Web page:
GUEST POST BY NATALIE JONES
For couples, buying a home isn’t a one-foot-in, one-foot-out prospect. Both parties have to be in agreement when it comes to location, floor space, and price, otherwise problems will arise later on that can eat away at the relationship. Couples have separated over deep-seated resentments caused by a financial move that was made half-heartedly or forced on one partner by the other. Entering into the most important financial decision of your lives is inherently stressful, and things can get really difficult if you’re both not on the same page.
Honesty and openness are absolutely essential if it’s going to work, so make absolutely sure you both understand what you’re getting into and how it’ll impact your long-term financial position. The cost of your mortgage is just one of many potential flashpoints for couples. Goals should be agreed on and differences ironed out before you get too far into the home-buying process.
The elephant in the room.
Money is the biggest threat to marital harmony, especially when you’re considering taking on a mortgage. Discuss buying a home within the larger context of your financial objectives. Misunderstandings arising from a lack of communication are a real threat to any relationship. Many couples avoid discussing money for fear of setting off an argument or because one partner isn’t comfortable discussing it. Don’t be afraid to broach the subject of money. It’s something you’ll have to confront every month for 30 years if you’re buying a home, so you might as well air it out before signing on the dotted line.
Location, location, location
Once you’ve determined what you can afford and how you’ll handle a down payment, it’s time to start looking at neighborhoods. Most people have an idea of the kind of house they’d like to purchase, but you won’t know what it’ll cost until you get a feel for what’s available in the area where you want to live. Discuss what’s important to you in terms of amenities and things you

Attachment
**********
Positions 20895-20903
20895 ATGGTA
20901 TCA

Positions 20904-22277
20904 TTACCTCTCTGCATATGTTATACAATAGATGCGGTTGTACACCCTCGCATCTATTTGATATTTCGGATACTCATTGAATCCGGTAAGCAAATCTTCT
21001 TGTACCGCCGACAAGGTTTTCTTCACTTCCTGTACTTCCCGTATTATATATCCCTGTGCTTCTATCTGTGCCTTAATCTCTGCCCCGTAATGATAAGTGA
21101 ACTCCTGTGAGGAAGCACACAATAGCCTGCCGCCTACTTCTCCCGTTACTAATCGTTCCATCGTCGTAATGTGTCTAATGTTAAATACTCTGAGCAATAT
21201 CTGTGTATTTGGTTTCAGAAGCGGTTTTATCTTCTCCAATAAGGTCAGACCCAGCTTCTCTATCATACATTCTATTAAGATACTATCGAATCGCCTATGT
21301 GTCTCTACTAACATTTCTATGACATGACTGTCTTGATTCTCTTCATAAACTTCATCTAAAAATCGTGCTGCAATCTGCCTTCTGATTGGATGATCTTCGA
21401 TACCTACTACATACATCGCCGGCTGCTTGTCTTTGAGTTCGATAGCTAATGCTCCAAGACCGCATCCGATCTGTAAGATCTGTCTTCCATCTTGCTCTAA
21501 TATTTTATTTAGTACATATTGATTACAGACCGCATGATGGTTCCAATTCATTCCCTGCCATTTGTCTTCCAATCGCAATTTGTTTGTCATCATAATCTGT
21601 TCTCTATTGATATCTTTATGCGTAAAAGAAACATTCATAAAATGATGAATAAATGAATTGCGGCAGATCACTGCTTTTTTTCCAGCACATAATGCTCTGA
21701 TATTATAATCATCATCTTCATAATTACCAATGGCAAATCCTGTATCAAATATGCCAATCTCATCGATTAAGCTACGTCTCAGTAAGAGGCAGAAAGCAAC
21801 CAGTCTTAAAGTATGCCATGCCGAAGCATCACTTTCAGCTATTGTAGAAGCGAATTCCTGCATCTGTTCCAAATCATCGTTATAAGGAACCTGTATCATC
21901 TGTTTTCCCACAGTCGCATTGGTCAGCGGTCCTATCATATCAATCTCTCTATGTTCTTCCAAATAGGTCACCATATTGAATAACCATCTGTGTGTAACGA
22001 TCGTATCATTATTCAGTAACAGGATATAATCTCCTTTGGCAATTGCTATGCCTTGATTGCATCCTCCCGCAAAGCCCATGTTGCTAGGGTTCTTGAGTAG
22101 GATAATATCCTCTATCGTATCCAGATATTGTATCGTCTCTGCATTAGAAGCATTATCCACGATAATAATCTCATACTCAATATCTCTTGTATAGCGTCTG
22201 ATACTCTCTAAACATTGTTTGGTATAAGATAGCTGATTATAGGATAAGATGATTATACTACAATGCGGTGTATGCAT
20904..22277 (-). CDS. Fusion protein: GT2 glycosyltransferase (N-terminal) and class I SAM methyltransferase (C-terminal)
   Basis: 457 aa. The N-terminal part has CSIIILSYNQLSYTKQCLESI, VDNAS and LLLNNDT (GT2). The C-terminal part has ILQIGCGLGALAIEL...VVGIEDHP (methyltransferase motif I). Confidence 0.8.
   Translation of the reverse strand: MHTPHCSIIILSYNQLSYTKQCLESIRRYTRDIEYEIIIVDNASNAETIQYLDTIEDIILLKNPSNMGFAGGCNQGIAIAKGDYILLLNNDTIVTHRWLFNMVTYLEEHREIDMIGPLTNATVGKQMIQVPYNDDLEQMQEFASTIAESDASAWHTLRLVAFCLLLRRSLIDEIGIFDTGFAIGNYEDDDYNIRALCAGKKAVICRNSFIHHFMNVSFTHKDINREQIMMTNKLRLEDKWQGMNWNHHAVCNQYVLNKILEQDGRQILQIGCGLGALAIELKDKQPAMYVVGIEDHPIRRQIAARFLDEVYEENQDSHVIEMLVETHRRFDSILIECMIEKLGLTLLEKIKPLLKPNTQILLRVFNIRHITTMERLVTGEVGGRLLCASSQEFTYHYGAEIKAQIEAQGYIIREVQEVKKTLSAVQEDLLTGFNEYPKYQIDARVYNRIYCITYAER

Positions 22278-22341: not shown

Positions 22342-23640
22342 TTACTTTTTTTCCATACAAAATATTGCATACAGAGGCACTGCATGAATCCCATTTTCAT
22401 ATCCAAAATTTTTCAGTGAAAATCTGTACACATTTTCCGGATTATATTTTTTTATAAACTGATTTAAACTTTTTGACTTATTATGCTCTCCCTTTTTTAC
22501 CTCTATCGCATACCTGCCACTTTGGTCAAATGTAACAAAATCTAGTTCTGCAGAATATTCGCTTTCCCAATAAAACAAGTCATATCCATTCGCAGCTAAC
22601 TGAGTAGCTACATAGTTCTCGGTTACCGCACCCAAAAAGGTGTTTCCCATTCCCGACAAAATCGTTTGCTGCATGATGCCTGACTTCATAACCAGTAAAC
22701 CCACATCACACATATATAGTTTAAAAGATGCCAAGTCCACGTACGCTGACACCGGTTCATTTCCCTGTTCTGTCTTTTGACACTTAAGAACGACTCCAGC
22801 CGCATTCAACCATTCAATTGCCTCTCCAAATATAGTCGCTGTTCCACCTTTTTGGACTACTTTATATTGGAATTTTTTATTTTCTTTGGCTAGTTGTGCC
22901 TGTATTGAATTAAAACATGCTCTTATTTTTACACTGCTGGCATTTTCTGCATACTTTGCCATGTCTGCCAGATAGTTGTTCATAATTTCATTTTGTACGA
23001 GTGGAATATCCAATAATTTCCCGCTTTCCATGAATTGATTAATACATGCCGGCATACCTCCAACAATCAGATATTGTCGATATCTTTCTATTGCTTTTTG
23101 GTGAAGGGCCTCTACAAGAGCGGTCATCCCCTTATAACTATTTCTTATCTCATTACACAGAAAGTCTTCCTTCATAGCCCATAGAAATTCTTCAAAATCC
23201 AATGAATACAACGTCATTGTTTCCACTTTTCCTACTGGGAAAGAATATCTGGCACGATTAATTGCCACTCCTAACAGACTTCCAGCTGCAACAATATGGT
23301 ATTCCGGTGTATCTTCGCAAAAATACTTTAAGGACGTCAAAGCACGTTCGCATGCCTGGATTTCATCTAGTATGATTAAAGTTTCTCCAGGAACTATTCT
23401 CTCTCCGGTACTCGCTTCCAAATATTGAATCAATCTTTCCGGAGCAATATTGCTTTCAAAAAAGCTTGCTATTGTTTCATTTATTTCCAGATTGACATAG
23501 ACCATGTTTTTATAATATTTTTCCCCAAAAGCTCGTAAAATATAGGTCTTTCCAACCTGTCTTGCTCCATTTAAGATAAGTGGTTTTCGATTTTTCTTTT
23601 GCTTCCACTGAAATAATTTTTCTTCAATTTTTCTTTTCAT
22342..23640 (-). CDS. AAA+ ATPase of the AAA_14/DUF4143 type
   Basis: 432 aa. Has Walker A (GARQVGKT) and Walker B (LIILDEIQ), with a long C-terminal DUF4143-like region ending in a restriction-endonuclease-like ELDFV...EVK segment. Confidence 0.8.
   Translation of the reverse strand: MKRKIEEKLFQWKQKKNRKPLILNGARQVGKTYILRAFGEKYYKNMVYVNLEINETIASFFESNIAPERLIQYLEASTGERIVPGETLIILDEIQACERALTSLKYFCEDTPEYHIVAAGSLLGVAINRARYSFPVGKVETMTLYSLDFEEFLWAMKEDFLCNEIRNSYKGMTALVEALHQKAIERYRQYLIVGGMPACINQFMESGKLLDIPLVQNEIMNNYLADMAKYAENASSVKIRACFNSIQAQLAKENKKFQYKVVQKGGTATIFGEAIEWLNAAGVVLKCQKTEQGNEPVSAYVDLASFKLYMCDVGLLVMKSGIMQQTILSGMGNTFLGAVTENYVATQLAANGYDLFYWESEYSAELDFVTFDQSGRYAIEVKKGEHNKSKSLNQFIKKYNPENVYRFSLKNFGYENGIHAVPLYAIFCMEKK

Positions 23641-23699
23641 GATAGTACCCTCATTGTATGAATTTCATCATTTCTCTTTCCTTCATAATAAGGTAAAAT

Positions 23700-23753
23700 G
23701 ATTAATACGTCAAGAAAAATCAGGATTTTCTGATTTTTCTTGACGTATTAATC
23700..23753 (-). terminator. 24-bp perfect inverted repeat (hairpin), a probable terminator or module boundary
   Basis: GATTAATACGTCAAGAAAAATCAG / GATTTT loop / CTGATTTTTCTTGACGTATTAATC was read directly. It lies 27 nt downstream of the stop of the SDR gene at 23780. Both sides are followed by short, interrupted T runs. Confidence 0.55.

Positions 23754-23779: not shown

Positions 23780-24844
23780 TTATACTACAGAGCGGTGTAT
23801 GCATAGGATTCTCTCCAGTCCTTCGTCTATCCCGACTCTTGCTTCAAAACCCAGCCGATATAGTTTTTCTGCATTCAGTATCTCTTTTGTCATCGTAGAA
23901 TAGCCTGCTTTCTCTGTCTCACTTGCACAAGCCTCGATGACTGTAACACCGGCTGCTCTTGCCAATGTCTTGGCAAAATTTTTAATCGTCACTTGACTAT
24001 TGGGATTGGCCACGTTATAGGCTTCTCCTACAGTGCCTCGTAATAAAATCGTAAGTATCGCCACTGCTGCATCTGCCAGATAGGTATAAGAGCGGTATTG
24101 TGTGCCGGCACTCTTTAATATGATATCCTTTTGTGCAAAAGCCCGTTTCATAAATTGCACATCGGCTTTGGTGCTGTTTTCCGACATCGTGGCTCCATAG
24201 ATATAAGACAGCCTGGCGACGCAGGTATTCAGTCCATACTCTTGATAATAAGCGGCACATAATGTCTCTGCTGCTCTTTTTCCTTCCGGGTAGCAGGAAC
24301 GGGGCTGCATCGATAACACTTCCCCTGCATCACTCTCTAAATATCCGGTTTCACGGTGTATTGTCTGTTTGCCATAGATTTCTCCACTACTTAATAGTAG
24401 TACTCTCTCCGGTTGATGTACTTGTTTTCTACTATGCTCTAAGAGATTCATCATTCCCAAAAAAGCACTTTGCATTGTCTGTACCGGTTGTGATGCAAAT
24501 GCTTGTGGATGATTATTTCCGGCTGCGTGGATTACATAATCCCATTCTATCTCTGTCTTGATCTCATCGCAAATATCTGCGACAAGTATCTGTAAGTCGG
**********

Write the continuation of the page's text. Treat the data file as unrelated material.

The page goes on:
like to do in your leisure time. If you love to spend time outdoors, you might look for a home that’s near a park or public athletic complex.
If you can’t agree on location, make separate lists of your priorities and determine where you’re in agreement. Then make a single list you can use to narrow down your final choices. There’s nothing wrong with identifying two or three neighborhoods; it increases the likelihood that you’ll find what you’re looking for.
Agree on what you don’t want
Some couples like to make a list of what they definitely do not want in a home. It’s a good idea because it helps narrow down your search and sets mutual expectations for both partners. It’ll also save time since you won’t bother looking at homes that don’t have a two-car garage, for example, or houses that have siding that neither of you like.
Leave the kids at home
Avoid taking your kids along, at least early in the process. You don’t want them arguing over bedrooms before you’ve decided on a house, or complaining that they don’t want to leave their neighborhood and friends behind in the first place. This is a decision you and your partner need to make. You can take the kids along once you’ve narrowed down your list to two or three properties. Then you can make it clear that you’ll be targeting one and that you’d like their opinion as to which they like best.
Always lay the groundwork for finding a house you both can be happy with by coming to an agreement about money first. Set a budget so neither of you is tempted by a home outside your affordability. If you’re both comfortable with what you’re spending, it’ll make it easier to find common ground in other areas. Most importantly, you’ll prevent an unpleasant situation later on.
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